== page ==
However, the following materials can be some close alternatives to steel in terms of a single aspect like corrosion resistance, enhanced durability, or overall strength.
A perfect alternative where corrosion resistance is the most important factor as Nickel is as close as it gets to a chemically inert material with reasonable strength and malleability.
Aluminum alloy is an expensive alternative to a lot of steel applications where strength, durability, and a high strength-to-weight ratio are required.
A light, strong, and extremely durable material that is commonly used in the aerospace sector. However, it’s important to note that Titanium is extremely hard to process which is reflected by the overall cost of the material.
This is another great alternative with comparable strength, longevity, and corrosion resistance. However, most ceramics are extremely brittle, and that limits their applications to only a few sectors.
Choose A Reliable Partner for Steel Machining
Processing and manufacturing steel requires precision and expertise. The right manufacturing partner can deliver the best results in a short time and that’s exactly what WayKen offers to clients.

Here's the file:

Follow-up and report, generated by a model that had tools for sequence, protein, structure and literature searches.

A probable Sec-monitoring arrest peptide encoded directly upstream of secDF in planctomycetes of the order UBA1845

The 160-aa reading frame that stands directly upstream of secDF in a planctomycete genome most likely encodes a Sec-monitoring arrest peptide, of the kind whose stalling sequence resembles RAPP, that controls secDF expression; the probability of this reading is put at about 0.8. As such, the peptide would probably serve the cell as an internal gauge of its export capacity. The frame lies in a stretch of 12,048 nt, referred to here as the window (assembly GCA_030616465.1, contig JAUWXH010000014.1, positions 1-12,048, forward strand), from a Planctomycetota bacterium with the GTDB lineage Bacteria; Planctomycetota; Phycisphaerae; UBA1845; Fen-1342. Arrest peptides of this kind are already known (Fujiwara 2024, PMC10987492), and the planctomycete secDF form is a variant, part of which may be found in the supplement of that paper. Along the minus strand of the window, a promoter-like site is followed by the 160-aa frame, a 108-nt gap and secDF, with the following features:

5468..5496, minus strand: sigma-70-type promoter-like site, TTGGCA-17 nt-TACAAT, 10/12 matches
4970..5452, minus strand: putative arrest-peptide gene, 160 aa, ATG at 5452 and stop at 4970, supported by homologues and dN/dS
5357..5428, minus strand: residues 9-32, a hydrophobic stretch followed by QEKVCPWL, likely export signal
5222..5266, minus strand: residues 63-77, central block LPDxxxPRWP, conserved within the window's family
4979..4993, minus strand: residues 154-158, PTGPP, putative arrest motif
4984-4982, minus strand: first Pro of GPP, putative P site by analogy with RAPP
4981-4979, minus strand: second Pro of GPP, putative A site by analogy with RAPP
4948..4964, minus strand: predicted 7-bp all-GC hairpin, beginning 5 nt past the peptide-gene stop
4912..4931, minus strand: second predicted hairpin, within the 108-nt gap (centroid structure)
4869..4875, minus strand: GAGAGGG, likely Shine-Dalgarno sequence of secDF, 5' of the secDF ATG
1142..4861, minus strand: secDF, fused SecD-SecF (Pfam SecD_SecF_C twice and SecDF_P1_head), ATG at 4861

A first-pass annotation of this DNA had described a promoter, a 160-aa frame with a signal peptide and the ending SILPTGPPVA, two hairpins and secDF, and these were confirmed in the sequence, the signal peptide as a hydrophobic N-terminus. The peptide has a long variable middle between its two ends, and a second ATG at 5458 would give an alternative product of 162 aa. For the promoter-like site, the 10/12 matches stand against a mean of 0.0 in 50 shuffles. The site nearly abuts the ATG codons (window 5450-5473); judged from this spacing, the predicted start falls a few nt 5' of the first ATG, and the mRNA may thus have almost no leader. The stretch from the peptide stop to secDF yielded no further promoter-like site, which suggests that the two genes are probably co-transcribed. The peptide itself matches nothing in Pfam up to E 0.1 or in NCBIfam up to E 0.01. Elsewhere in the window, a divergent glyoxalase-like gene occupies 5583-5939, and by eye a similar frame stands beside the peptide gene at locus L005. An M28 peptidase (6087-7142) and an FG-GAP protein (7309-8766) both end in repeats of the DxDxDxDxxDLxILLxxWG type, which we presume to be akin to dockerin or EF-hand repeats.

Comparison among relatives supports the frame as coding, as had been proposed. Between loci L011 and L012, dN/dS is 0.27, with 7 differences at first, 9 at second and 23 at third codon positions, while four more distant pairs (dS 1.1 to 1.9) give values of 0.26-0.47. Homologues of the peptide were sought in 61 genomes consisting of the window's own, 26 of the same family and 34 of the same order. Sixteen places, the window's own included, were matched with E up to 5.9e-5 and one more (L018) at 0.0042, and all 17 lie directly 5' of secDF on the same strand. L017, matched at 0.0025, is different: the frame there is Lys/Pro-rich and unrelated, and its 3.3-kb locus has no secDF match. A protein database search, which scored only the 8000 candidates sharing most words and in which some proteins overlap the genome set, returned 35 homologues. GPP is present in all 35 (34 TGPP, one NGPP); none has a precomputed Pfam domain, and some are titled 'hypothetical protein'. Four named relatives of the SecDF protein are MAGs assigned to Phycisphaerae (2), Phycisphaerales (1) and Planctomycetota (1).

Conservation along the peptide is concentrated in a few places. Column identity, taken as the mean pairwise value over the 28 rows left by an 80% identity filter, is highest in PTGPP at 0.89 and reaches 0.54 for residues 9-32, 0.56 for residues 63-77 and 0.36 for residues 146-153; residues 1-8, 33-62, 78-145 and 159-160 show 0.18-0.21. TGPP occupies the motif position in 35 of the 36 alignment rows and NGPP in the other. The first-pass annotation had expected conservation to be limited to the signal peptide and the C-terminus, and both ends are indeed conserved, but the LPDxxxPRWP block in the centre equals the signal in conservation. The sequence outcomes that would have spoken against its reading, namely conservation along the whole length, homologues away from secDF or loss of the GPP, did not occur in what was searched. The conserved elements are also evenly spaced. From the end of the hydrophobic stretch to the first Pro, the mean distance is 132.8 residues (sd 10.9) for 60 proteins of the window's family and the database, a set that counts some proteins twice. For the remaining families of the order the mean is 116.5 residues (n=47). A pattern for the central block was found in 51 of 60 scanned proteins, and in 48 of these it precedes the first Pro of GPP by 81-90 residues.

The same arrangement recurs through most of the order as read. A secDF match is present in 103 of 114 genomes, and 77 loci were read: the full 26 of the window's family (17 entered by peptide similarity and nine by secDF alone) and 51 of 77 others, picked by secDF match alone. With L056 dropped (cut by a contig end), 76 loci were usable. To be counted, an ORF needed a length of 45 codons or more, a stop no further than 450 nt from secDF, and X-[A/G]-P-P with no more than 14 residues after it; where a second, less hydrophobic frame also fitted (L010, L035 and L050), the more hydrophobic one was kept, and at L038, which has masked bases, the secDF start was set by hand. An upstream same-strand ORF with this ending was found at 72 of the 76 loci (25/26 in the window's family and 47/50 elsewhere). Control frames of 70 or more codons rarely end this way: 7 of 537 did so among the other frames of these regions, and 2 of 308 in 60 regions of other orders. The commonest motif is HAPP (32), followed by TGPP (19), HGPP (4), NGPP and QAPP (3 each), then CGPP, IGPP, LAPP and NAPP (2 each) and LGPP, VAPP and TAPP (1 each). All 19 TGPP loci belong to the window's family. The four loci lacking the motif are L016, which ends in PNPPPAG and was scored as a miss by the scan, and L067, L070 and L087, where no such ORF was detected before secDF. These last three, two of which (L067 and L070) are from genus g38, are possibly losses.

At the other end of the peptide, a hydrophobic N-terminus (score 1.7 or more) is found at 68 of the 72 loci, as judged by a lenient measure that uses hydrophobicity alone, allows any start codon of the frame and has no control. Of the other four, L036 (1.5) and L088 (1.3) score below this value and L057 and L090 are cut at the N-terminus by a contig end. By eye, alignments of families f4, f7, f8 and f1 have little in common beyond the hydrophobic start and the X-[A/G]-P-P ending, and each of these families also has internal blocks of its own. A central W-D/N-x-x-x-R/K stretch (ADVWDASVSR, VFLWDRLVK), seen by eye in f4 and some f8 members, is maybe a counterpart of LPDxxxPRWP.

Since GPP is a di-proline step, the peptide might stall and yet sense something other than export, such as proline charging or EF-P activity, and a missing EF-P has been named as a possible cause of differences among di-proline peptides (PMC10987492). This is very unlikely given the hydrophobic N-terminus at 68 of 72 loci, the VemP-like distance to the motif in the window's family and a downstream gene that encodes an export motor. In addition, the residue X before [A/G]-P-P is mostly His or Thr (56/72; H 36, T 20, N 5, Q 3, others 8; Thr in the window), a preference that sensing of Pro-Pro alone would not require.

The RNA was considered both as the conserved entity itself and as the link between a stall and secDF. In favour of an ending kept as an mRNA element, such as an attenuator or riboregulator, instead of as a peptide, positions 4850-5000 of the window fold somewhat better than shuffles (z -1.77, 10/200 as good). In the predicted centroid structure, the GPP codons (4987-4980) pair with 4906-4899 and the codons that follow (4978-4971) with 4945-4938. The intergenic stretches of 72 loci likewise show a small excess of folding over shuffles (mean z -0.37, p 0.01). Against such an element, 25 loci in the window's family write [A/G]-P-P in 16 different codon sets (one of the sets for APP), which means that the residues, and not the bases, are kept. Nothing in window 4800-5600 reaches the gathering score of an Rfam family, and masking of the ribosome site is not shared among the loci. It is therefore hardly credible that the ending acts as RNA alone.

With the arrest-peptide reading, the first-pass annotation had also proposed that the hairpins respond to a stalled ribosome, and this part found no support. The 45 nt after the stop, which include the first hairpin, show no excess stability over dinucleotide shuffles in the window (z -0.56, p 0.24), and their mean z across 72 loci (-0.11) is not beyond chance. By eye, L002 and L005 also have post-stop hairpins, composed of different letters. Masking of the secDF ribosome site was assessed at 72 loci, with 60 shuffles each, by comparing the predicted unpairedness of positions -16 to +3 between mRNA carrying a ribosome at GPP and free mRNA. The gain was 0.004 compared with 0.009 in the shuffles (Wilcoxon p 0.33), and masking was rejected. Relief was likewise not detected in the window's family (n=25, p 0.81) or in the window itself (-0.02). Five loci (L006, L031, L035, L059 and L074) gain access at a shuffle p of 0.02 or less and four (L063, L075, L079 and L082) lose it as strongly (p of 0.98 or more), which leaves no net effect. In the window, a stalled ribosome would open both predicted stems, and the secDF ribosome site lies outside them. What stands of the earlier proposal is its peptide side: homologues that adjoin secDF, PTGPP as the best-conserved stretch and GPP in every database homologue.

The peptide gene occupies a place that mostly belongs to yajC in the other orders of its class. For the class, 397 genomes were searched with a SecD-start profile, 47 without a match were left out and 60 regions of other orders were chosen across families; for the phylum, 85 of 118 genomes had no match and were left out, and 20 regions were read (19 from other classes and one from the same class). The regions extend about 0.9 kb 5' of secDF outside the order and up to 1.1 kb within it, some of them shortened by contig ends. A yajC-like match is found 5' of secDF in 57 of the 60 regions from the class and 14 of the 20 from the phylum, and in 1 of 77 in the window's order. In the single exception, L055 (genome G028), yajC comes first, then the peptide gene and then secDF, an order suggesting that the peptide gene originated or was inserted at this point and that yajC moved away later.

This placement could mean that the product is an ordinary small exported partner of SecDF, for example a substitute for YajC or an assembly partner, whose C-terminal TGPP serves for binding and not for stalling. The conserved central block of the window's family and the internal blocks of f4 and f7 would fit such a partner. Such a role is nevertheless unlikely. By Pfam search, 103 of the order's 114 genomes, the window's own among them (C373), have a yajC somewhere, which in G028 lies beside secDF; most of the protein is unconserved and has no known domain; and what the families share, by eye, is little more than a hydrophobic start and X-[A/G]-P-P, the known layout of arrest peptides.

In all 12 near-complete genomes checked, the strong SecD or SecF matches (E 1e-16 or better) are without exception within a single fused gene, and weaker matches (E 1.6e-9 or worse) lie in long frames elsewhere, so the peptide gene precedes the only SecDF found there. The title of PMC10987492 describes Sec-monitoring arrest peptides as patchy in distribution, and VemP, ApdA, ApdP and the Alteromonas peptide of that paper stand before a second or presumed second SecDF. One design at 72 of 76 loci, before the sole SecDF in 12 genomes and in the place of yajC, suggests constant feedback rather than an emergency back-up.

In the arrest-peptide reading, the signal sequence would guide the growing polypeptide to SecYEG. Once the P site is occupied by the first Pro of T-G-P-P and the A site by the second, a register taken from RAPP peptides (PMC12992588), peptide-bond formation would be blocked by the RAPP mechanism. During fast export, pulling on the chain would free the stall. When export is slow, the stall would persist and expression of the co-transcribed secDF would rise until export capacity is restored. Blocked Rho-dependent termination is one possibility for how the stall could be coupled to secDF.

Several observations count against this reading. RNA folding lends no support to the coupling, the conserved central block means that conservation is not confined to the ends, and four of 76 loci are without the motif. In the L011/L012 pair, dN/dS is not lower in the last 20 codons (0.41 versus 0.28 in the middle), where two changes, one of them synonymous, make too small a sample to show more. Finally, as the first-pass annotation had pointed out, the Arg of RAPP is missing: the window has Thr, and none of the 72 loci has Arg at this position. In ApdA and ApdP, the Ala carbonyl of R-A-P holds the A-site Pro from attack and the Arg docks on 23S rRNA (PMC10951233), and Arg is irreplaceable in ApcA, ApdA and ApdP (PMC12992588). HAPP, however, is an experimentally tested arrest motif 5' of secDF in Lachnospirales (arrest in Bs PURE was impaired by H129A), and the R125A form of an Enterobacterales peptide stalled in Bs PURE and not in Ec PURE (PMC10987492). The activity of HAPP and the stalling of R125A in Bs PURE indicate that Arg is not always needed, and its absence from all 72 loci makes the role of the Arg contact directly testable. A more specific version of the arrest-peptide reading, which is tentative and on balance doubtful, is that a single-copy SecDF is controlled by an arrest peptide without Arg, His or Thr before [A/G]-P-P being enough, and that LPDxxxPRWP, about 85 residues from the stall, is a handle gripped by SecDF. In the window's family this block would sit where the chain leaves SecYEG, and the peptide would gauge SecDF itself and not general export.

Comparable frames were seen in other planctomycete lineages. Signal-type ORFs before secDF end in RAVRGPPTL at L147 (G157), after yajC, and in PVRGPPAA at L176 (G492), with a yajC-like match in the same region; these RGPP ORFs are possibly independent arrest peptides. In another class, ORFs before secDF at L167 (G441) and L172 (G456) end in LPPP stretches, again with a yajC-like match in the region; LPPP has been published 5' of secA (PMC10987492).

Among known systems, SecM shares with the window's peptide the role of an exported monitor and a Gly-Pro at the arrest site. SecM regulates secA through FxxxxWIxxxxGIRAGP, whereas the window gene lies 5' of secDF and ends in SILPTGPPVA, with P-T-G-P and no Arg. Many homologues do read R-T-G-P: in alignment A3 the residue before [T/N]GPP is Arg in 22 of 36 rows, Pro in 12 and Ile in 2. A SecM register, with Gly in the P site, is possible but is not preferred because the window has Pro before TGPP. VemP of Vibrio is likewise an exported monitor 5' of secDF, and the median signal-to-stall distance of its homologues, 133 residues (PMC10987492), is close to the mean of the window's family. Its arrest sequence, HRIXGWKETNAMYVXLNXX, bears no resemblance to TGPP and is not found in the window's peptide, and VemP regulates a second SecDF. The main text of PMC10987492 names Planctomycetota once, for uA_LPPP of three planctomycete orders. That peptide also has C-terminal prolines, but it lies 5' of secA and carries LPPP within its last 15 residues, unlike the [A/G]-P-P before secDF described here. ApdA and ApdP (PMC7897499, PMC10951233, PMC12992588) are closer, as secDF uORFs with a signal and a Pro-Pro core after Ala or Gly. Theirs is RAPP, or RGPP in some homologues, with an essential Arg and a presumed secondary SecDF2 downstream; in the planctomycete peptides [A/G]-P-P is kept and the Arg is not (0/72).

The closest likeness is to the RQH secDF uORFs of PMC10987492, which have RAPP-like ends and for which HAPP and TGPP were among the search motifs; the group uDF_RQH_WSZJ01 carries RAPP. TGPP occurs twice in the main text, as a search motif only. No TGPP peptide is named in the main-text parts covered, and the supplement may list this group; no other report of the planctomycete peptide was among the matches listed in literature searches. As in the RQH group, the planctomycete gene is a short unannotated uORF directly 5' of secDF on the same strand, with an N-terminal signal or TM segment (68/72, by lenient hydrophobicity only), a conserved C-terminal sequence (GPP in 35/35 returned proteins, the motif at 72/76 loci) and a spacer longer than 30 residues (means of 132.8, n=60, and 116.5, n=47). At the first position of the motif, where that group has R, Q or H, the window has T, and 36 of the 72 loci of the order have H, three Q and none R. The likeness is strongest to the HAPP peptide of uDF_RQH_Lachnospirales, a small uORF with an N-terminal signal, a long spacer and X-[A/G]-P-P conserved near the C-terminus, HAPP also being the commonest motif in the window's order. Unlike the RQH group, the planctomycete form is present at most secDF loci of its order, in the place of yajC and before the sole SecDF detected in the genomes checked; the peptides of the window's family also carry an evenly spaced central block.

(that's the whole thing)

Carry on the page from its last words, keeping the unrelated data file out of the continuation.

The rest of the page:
We have extensive expertise in the field of handling both carbon and alloy steel. Our comprehensive metal machining capabilities, including milling, turning steel, and rapid tooling steel mold, can help create even the most complex parts with the required precision and accuracy.
Both alloy and carbon steel play an integral role in different industries. The right choice between the two depends on the specific application and required material properties. Both material choices have their drawbacks and advantages it’s the responsibility of the manufacturer to select the right material that delivers the perfect balance between cost, physical properties, and performance.
What is the main difference between carbon steel and alloy steel?
Technically, carbon steel itself is a type of alloy steel as well. Their main difference between these types is the addition of carbon and other elements. As its name suggests, Carbon steel consists of carbon and a trace amount of other elements mixed with Iron while Alloy Steel has multiple other elements like Chromium, Nickel, Vanadium, etc.
Why is alloy steel more expensive than carbon steel?
Alloy steel has a variety of other elements that might be rare while carbon steel only has commonly available carbon mixed with Iron. Furthermore, alloy steel is much harder to process and requires more resources, which is then reflected in its high cost.
Can carbon steel be used in place of alloy steel?
In most cases, no. Carbon steel doesn’t have the right corrosion resistance properties and durability/strength, which makes it impossible for carbon steel to replace its alloy counterparts in intensive applications.